A young man is troubled by visions of monsters, and of a place called Midian. Ambitious but confusingly-told fantasy/horror hybrid with plenty going on, and lots of ideas, though not all of them well-executed enough to make for a fully-coherent movie.
A female student has to relive the day of her murder again and again. Sprightly campus-based slasher horror-comedy, fairly unashamed in its mashup of Groundhog Day and Scream. Pretty good, within its limitations.
A hitman struggling with mental health issues accepts a contract to rescue a trafficked child. Deliberate, beautiful, and cryptic, this noir drama isn’t for everyone in its mix of arthouse and genre, but is nevertheless well worth your time. Recommended.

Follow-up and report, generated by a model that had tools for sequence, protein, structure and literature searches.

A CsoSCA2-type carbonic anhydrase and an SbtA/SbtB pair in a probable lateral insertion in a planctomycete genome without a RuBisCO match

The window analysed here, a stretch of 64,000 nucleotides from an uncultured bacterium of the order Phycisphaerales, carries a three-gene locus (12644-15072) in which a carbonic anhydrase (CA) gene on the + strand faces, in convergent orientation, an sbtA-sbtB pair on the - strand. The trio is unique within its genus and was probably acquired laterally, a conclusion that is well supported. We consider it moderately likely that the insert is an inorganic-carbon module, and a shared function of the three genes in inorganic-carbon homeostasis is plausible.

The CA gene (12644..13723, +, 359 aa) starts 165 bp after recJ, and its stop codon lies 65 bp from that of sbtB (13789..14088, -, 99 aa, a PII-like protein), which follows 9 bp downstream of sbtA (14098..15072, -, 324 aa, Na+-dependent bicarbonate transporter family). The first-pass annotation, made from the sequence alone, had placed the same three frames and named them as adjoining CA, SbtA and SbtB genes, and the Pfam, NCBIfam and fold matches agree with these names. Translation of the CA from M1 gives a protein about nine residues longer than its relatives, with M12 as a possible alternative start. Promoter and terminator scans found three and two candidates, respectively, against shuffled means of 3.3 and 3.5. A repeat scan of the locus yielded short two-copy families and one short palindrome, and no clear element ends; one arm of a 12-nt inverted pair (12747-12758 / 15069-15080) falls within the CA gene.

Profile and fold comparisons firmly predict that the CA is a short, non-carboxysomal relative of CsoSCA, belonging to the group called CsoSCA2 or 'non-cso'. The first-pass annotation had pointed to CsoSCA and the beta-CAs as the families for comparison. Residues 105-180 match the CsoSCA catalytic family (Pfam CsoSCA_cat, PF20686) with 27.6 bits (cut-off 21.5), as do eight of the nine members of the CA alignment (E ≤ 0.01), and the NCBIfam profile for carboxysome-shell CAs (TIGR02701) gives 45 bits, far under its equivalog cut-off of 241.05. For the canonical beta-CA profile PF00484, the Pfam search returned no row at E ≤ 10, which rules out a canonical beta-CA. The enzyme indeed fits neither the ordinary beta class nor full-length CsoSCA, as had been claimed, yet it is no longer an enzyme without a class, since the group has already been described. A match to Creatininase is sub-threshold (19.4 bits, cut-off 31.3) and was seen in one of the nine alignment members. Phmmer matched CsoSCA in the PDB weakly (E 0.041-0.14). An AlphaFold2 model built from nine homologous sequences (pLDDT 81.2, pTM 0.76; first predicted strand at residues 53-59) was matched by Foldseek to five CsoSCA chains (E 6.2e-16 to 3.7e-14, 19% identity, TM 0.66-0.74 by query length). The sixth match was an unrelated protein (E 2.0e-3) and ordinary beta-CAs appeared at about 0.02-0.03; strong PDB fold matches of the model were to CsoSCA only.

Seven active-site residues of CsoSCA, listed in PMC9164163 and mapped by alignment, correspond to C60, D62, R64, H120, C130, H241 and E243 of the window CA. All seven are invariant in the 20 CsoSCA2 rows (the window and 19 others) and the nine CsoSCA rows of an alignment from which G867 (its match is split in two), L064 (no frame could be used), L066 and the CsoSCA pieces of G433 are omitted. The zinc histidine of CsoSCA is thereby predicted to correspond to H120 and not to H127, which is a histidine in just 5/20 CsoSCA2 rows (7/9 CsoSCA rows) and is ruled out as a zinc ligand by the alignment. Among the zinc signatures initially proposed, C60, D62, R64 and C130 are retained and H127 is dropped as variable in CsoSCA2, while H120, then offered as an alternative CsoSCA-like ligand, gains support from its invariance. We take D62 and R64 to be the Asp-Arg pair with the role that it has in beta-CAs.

Thomas and friends mount a rescue mission. Third and last of the OK YA dystopian franchise. It doesn’t make much plot sense, but the action is capably handled, production design is good, and there’s a refreshing physicality to proceedings. For series fans only tho.
Harry and friends search for a hidden part of Hogwarts. Second and perhaps the least of the Rowling adaptations, this mimics the structure of the first, though adds enough novelty to please fans, and begins to develop the series mythology.
An orphan boy finds that he’s a famous wizard child; his education begins. The first Potter movie is a straightforward breeze through the book. Awkward early performances and under-par CG aside, this is reasonable family fun, though no classic.
Medical students investigating near-death experiences find themselves haunted. Slick though bland reprise of the 1990 original; a guesting Kiefer Sutherland is the best thing here in this half-hearted and bloodless horror full of over-age and unlikeable med students.